Argentina seeks arrest of Iranian minister over 1994 bombing

Argentina seeks arrest of Iranian minister over 1994 bombing
Argentina seeks arrest of Iranian minister over 1994 bombing

We show you our most important and recent visitors news details Argentina seeks arrest of Iranian minister over 1994 bombing in the following article

Hind Al Soulia - Riyadh - BUENOS AIRES — Argentina has asked Interpol to issue an arrest notice for the Iranian interior minister Ahmad Vahidi.

The request comes less than two weeks after a court in Argentina held Iran responsible for the 1994 attack on a Jewish community center in Buenos Aires, in which 85 people were killed.

Vahidi was in Pakistan earlier this week as part of an Iranian delegation which is now in Sri Lanka.

Argentina said it had also asked the two countries to detain Vahidi.

The Argentine Foreign Ministry said in a statement that Interpol had issued a so-called "red notice".

While a red notice alerts police in member countries about internationally wanted fugitives, it does not constitute an arrest warrant.

Interpol cannot compel police to arrest someone for whom a red notice has been issued, it is up to the member country to decide whether to make the arrest.

The Iranian delegation, which includes President Ebrahim Raisi, arrived in Sri Lanka earlier on Wednesday.

However, AFP news agency reported that Vahidi was not seen accompanying the president upon arrival in Sri Lanka.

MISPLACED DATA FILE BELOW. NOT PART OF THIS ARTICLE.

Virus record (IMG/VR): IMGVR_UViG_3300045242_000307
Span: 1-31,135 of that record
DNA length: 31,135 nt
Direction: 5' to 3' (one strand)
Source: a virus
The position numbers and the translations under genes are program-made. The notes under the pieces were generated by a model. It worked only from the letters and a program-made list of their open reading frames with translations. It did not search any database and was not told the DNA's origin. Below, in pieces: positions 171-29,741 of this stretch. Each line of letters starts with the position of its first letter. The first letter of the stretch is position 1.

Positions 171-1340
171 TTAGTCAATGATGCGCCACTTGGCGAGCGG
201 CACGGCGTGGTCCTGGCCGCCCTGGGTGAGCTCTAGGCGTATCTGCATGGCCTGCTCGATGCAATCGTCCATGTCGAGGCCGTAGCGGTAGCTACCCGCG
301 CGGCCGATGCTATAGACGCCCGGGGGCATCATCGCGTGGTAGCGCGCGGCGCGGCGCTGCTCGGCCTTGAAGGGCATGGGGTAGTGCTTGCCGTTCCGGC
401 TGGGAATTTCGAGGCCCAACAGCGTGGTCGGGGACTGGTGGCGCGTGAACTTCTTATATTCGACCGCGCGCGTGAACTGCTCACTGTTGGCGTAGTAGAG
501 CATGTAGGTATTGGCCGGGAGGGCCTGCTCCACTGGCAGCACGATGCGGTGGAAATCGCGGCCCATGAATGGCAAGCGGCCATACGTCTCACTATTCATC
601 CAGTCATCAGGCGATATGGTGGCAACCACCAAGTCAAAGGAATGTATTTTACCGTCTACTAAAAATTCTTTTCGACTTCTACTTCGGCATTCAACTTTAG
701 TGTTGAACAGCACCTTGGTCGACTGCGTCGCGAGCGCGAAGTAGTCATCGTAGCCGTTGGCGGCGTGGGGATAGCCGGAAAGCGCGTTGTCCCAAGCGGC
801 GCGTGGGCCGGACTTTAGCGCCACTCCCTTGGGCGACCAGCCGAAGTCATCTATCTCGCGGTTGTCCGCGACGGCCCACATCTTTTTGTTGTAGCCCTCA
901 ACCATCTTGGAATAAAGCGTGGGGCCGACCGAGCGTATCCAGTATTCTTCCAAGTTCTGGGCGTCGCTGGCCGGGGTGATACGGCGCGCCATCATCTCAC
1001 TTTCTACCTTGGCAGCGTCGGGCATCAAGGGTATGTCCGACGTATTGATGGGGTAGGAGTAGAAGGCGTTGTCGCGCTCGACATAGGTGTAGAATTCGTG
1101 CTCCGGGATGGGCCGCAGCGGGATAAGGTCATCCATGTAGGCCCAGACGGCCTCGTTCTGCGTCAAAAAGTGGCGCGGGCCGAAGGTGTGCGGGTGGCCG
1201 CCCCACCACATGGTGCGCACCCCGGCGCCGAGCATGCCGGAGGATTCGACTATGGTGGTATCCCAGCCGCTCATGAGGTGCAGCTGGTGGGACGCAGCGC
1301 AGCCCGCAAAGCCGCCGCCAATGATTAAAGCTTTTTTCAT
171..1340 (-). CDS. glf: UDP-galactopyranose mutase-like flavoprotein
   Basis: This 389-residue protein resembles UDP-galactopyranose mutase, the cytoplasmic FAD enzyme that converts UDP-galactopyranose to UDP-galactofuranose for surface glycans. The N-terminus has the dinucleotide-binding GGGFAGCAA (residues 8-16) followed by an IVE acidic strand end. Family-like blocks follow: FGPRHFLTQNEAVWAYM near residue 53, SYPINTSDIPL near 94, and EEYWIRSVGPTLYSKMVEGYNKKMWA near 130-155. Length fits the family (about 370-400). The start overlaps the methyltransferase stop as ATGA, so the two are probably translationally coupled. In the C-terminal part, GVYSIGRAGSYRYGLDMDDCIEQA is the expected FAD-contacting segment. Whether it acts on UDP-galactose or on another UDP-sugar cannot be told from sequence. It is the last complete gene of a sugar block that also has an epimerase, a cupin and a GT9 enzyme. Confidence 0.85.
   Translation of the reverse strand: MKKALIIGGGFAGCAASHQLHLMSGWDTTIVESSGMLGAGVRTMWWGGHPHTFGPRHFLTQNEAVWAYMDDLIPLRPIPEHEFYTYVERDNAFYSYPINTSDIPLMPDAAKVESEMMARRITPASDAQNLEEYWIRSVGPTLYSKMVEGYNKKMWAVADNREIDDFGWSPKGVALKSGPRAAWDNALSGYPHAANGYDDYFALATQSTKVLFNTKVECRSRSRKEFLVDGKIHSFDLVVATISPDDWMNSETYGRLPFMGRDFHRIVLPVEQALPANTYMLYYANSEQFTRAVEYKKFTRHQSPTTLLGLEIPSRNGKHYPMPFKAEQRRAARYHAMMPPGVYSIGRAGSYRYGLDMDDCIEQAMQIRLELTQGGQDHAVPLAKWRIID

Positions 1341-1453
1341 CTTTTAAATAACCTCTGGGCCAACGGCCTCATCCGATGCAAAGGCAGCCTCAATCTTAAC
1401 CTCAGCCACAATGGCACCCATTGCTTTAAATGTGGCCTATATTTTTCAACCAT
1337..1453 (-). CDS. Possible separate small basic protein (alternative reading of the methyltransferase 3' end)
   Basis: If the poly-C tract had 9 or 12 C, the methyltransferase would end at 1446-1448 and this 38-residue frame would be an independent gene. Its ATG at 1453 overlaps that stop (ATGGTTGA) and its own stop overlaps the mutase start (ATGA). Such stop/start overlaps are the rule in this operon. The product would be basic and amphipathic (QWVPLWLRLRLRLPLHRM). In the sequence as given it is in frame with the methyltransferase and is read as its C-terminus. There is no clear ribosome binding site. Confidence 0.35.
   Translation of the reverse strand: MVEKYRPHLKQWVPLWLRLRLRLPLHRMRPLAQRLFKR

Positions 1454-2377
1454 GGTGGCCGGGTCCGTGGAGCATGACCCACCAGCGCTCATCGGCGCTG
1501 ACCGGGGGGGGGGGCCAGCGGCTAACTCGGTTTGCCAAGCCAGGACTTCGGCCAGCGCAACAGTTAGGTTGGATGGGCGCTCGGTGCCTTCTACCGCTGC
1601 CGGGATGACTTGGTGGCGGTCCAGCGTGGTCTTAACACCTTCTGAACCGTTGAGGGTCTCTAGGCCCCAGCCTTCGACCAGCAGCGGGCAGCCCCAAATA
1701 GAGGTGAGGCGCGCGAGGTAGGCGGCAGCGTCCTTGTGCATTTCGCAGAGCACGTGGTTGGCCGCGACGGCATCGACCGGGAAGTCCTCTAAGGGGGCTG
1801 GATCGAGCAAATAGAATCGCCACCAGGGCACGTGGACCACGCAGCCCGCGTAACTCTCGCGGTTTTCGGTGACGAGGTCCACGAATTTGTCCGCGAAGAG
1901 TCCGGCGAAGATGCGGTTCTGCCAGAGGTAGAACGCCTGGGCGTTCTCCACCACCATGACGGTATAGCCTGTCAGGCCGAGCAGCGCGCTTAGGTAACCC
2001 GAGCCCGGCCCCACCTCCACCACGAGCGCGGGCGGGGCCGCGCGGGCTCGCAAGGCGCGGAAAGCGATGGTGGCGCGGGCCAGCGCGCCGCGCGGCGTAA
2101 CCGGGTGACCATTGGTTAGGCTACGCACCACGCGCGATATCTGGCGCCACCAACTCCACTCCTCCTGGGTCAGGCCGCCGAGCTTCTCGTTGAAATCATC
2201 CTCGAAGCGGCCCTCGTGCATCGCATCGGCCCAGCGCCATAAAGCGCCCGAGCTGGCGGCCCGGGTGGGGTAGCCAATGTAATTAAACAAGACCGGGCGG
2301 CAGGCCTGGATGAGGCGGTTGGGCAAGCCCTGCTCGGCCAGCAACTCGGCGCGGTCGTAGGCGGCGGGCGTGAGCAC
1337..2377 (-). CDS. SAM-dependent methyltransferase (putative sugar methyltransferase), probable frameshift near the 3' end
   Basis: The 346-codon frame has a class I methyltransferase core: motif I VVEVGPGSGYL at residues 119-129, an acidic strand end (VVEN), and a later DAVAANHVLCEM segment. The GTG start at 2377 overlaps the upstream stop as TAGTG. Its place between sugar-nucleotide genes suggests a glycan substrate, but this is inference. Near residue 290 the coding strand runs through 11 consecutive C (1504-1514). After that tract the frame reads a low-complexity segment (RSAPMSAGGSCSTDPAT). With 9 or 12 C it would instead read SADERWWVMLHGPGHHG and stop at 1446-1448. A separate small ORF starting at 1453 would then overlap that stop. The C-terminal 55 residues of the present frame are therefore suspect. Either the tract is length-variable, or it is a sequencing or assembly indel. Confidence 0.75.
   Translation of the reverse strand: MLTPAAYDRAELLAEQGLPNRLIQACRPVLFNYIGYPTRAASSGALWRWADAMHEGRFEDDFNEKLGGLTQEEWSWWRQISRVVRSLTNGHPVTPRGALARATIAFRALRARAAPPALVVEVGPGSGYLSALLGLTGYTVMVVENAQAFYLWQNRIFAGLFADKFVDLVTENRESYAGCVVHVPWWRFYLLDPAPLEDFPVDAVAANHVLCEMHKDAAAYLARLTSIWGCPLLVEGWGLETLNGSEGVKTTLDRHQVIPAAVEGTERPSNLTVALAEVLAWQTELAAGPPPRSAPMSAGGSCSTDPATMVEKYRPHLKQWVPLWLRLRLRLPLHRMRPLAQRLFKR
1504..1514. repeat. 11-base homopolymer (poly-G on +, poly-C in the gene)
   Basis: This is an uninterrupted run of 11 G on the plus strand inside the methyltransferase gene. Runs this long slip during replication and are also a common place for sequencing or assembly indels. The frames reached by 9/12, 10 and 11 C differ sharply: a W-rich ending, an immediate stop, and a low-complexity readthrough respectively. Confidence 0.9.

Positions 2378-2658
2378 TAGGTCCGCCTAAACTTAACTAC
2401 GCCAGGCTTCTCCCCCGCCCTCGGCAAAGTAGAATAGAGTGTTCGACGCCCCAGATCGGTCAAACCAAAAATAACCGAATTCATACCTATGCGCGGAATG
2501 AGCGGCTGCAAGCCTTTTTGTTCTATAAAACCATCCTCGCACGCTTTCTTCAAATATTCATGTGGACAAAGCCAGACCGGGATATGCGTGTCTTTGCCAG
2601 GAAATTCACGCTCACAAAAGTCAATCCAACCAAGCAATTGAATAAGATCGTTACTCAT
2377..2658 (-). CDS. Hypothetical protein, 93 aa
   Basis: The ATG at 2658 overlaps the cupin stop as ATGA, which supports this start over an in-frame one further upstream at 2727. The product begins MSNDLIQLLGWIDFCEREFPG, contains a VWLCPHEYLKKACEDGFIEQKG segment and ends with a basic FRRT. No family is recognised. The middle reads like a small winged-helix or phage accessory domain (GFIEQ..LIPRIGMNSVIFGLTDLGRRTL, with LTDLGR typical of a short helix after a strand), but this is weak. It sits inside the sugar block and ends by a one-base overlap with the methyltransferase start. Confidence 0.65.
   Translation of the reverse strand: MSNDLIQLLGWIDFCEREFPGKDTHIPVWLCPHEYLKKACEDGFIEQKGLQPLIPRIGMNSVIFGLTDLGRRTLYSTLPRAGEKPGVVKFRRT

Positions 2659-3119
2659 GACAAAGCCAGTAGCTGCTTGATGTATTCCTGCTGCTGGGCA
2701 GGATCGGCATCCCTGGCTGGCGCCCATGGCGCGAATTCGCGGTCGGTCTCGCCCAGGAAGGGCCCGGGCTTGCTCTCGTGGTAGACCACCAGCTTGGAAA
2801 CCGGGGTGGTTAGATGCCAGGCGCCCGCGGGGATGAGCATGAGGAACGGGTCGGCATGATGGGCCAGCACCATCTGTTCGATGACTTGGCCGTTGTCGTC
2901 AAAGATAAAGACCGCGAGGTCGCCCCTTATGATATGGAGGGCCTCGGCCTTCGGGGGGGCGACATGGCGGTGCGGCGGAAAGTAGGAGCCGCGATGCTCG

Iran's official news agency reported that Vahidi was back in Iran on Tuesday, without referring to the red notice.

The Argentine Foreign Ministry said it wanted Vahidi as "one of those responsible for the attack on [the Israeli-Argentine Mutual Association cultural center] Amia".

Argentina has in the past accused Vahidi, who led the overseas operations arm of the Islamic Revolutionary Guard Corps (ICRGC) at the time of the attack, of being one of the masterminds behind the bombing.

The attack on the cultural center was the deadliest in Argentina's history. Three hundred people were injured in the explosion, which killed 85.

Iran has always denied any involvement but on April 11, Argentina's Court of Cassation — the country's highest criminal court — ruled that Iran had planned the attack and that the Iran-backed group Hezbollah had carried it out.

The court called it a "crime against humanity".

The Iranian Foreign Ministry dismissed the ruling, saying the court had made "baseless and unsubstantiated claims" for the sake of "political goals and objectives".

Argentina is home to Latin America's largest Jewish community.

The community was the target not only of the Amia bombing but also of a previous bomb attack, in which a suicide bomber drove a lorry loaded with explosives in to the Israeli embassy, killing 29 people.

Argentina has long blamed Iran and the Islamist group Hezbollah for that attack as well as the one on Amia. — BBC


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